BlackBerry reveal perpetual dilemma of tech innovators
06 November 2013
Associate Professor of Strategy Ronald Klingebiel writes how companies should learn from BlackBerry's demise and should not chase after a disruptive new technology in its sector once it has gone past, but wait for the next big thing instead.
It is now well known that successful companies often have an annoying habit of missing the next big thing. Harvard’s Clayton Christensen coined it the innovator's dilemma. He also produced advice on how to avoid the fate.
What is unclear, however, is what companies should do when, despite their best intentions, they do miss the boat. It happens frequently, especially in the fast-moving world of telecommunications, where disruptions occur faster than you can say “Is this really going to work?”
When caught out, firms typically start to panic, embarking on frenzied attempts to catch up at all costs. Being so occupied, they miss the next, next big thing, yet again. Dilemma begets dilemma. Companies fall into the same trap twice.
If you miss one wave…
BlackBerry is a case in point, a handset manufacturer that made its fortune on the back of innovative push-email technology. Its qwerty keyboards became the de facto standard in the corporate world. However, at the height of its success, BlackBerry ignored the rising popularity of touchscreen devices and also failed to embrace the disruptive potential of mobile app stores.
Executives really recognised this only once its profits and shares started to slide. By that time, unfortunately, the brand and network advantages enjoyed by Apple and Android had become unassailable. Of course, this did not keep BlackBerry from trying. A crisis was declared, a turn-around program announced, and all energy put into producing the Q10 and Z10 handsets, along with a revamped operating system, which were to finally take on the new smartphone leaders. Unsurprisingly, this came to little.
One wonders what might have been possible if, instead of trying to catch up, BlackBerry had devoted the same amount of resources on building a competitive position for the time after the iOS-app store bonanza, which seems to be fading already.
BlackBerry still curries some favour in the business market, where its enterprise server provides a trusted means of secure communication. Although employees now tend to work off several different devices, the business need for a secure environment and efficient integration remains. A whole new industry is springing up to address such device-agnostic requirements, ranging from new entrants like AirWatch, MobileIron, and Soti to established players such as cellphone operators keen on a slice of the action.
BlackBerry could have preempted this development by leveraging its unique enterprise server advantage. It could have now been leading this new area of mobile device management.
…prepare for the next
British Telecom (BT) is a different story. In the 90s, the company recognised the internet and data potential of third-generation mobile networks. BT went all-in, as did most competitors. The company was, however, forced to forego the technology when its ballooning debt levels necessitated the 2002 sale of its mobile arm, BT Cellnet, which became O2.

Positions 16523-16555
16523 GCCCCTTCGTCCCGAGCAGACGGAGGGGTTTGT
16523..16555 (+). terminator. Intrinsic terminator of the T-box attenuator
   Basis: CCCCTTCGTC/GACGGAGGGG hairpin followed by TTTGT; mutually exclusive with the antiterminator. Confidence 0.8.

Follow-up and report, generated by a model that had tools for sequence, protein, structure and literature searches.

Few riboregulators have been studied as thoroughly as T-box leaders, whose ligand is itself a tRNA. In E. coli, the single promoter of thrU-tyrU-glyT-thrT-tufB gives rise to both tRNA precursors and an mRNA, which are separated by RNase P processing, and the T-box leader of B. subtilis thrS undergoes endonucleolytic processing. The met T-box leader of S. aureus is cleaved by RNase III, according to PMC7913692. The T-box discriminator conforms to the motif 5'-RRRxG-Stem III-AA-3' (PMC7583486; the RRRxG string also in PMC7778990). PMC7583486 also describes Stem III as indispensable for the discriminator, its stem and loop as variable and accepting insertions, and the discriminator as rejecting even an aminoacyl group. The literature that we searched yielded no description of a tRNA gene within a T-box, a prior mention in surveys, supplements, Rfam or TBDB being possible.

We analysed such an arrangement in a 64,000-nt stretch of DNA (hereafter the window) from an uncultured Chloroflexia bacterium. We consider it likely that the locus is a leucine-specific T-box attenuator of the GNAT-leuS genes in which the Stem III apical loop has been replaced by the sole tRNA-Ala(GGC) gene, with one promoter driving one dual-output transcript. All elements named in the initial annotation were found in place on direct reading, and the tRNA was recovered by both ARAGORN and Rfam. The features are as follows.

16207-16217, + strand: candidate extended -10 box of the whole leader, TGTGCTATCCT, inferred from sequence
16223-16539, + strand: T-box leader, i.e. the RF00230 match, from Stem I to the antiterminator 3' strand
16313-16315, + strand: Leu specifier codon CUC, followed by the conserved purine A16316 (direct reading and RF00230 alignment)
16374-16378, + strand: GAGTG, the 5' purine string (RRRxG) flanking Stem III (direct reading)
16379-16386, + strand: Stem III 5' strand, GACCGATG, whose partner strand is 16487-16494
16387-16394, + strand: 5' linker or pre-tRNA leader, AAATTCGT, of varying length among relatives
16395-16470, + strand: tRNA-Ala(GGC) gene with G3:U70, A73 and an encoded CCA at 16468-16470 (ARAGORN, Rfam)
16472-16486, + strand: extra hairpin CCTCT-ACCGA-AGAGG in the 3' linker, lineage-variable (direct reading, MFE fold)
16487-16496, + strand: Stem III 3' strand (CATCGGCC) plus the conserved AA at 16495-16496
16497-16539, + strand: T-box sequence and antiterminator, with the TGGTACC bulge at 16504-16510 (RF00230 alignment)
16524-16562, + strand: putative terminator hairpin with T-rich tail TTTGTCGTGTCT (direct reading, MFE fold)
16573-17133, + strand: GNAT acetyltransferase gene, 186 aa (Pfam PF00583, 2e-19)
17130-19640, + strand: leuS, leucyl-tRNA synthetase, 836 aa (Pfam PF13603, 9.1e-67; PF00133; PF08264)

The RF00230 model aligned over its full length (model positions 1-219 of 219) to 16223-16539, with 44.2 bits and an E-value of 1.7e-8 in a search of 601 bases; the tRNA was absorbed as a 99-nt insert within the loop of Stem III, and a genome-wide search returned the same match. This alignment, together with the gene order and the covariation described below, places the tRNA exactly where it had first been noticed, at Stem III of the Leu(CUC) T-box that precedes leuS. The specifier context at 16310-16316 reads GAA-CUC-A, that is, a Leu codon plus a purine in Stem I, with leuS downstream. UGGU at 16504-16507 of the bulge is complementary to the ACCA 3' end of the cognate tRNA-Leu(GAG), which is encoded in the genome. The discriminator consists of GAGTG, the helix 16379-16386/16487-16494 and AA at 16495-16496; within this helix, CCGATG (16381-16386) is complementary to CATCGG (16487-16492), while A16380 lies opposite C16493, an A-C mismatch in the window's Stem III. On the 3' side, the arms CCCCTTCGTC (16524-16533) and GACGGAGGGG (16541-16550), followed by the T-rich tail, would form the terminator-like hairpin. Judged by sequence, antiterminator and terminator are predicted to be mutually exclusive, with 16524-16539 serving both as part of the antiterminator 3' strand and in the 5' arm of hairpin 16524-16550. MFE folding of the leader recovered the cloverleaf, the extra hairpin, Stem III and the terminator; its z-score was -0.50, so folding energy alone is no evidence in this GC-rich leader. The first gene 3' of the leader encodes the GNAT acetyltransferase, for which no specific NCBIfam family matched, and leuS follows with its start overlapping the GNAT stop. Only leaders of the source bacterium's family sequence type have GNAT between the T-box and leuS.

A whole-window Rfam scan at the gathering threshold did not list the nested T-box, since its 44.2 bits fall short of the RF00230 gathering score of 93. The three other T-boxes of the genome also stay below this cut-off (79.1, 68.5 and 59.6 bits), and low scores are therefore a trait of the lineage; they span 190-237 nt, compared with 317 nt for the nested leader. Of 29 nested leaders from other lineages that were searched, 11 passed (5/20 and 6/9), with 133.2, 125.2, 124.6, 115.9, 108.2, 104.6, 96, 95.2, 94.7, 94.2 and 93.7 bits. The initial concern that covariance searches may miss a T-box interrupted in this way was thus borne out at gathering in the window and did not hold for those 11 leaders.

When BT regained the financial strength to get a 3G license, acquire a competitor, or act as a virtual operator, leasing lines from others, it did not immediately pursue these options even though Vodafone, O2, T-Mobile and Hutchinson’s 3 were starting to enjoy 3G benefits. Instead of running after a train that had long gone, BT focused on being ready for the next big thing.
In this case, the increasing similarity of what could be delivered on fixed and mobile networks augured an increasing convergence of the two, promising to disrupt business models in the industry. BT’s first crack at this was Fusion, a mobile service and device that was to use BT’s Wi-Fi when in reach of broadband access and other firm’s mobile coverage when beyond.
Although Fusion was unsuccessful, due to operators’ intransigence, BT’s follow-on attempt holds promise. It recently acquired a 4G license and aims to use it to provide high-speed connections to remote households that are hard to get to with cable. This gives BT’s multi-play offering of phones, internet, and TV much greater reach. It is also conceivable that consumers want to get all their connectivity needs (mobile & fixed) out of one hand. BT’s fledgling Broadband Anywhere tries to service this trend.
BT’s strategic preparedness might thus allow it to bridge the mobile-fixed divide more easily than competitors BSkyB and Vodafone can. BT’s outlook is positive again, despite the hit it took on 3G.
My advice for firms who feel they have missed out on the latest wave of innovation in their sector? In the spirit of BT, try to avoid getting into perpetual dilemmas. Think twice before chasing after disruptors when they have already tilted the game in their favour. BlackBerry’s demise serves as a warning.
Instead tech firms ought to take the long view, focusing on the big thing after next. Markets might forgive one oversight; just think of IBM or even Nokia, whose century-long histories are littered with missed opportunities and subsequent rebounds. But tech innovators probably cannot afford to fail twice in a row.
If you miss one wave, don’t swim after it. Prepare for the next.